If you decide that a pet is a good fit for your household, there are several things you can do to make this transition easier for both your family and your new addition.  One of the first things is to do some research on dog breeds and their temperaments to determine what breed might be a good fit for your lifestyle and your family dynamic.  There are some online resources you can use as well to help match your child’s age and personality to a fitting breed (i.e. your-child/#page=5 ).


Once you have decided to move forward, consider bringing your child or children to a shelter to meet some prospective pets and determine if there is an animal there that might be considered a good match.   You can also do research together on how to care for a new pet that can include what foods you want to use or what kind of toys might be fun for them or what games might be appropriate to play.  If you are bringing home a puppy or a kitten, you might want to discuss how to handle training for going outside or using a litterbox and what to do when accidents happen.  Knowing the basics of training in advance can help all members of your family start their relationships with a new pet on the right foot.  Small caretaking responsibilities can be decided on in advance so that children are involved, but not overwhelmed.


When you reach the day when you bring your new pet home, plan on careful parental supervision and commitment to both pet and child. Designating specific feeding and sleeping areas within your home will help to allow for your new pet to have their own safe space.  You can also consider hiring a trainer to work with you and your family transition to your new roles as caring pet owners.  Discuss and model respectful behaviors (like leaving a dog alone when they are in their crate) and teach your children about guidelines for proper pet interactions. You can also include how to behave around other animals they might meet when out of the home (i.e. ask permission before petting someone else’s dog or cat).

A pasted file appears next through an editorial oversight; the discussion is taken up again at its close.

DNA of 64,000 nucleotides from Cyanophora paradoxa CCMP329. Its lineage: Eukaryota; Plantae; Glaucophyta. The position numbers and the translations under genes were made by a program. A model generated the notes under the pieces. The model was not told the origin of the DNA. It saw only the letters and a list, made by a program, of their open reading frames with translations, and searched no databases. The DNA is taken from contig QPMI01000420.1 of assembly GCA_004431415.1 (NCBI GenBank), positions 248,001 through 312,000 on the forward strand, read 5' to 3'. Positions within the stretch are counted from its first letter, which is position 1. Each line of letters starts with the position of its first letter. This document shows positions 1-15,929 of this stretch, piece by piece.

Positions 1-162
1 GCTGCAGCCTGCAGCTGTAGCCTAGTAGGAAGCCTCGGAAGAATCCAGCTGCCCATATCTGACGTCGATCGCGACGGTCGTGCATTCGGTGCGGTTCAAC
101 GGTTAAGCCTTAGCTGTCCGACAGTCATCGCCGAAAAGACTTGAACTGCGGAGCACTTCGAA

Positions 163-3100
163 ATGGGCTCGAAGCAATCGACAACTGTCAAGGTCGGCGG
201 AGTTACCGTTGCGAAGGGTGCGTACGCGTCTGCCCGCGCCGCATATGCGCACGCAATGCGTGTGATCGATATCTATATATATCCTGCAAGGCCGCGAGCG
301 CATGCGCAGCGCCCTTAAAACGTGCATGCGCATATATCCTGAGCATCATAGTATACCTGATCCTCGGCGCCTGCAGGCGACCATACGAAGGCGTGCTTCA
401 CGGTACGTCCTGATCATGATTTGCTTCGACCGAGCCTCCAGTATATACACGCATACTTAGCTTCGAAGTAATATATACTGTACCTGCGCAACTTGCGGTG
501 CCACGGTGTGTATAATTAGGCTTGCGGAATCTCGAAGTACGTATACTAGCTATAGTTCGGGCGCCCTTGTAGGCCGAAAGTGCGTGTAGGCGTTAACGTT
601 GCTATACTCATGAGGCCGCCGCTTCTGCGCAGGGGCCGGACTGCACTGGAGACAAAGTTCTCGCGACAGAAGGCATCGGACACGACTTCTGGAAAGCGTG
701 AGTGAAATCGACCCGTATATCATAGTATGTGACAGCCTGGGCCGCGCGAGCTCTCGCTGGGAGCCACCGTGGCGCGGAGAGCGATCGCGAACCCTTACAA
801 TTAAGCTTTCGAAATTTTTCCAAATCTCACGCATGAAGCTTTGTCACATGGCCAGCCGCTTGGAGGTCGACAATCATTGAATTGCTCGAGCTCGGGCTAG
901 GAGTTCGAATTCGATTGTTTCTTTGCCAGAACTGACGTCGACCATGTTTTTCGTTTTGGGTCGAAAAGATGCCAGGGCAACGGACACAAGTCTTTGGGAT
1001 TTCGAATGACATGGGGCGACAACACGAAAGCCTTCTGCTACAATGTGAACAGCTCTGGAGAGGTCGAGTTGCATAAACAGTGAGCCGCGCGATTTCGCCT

There is no doubt that growing up with a pet in your household is a wonderful thing that makes a lasting impression and expands your family.  With some careful assessments and planning, you can prevent some of the mishaps and be assured that the experiences are positive for all involved.  If you are looking for guidance on a new pet, our Team at Longview Animal Hospital is happy to provide assistance.  You can call us at 903-807-0887 or stop in at our office at 2500 Estes Parkway in Longview, TX.  For more information about us and our veterinary services for new pets, please visit .

Canine influenza, or dog flu, is becoming a threat to dogs throughout the United States.  There are two strains of the virus (CIV H3N8 and CIV H3N2) both of which cause a respiratory infection in dogs.  These relatively new viruses are suspected of coming from mutations of other forms of influenza, such as those affecting horses and birds.  Since these are new viruses, dogs don’t currently have a natural  immunity to it.  It is thought that the Canine influenza viruses can lead to other respiratory infections like Kennel Cough and the symptoms are often similar.  As of May 2017, there are documented cases of Canine influenza in Texas.

This highly contagious virus is passed on through direct contact with infected dogs, as well as through secondary surfaces, clothing and people’s hands.  Cats are also susceptible to the virus (symptoms are runny nose, congestion, general discomfort, lip smacking, and extra salivation) and are able to pass it along to dogs.  At this time, the viruses are not transmissible to humans.

Canine influenza is not usually fatal (less than 10%) and will usually run its course in about 2-3 weeks.  Some dogs don’t display symptoms.  Symptoms in mild cases include a gentle wet or dry cough, lethargy, anorexia, low grade fever, eye and or nose discharge (the latter typically responds to antibiotics indicating a secondary infection resulting from the flu).  Severe cases often present with a high fever (104-106), and symptoms similar to pneumonia including high respiratory rates.

Since these are new viruses, most dogs are vulnerable, with young and older dogs being at greater risk along with dogs that have a lot of contact with other dogs.  Preventive measures include limiting contact with other dogs and staying away from places where flu has been reported.  If you are in the habit of petting other dogs, washing your hands before petting your own dog is a good practice to help prevent spreading the virus.  Good nutrition and strong healthcare practices help make pets less vulnerable.

Treatment for Canine influenza in most cases is supportive and includes cough/respiratory medications, hydration (and antibiotics if a secondary bacterial infection is suspected).  Rest and isolation for the pet are recommended.  For more severe cases, fluid therapy or hospitalization may be required.

Testing is currently available to identify the two strains of the virus (H2N8 and H3N2), and Longview Animal Hospital carries a vaccine to protect against both.  If you have any questions, please contact our team at (903) 807-0887.

For more information, visit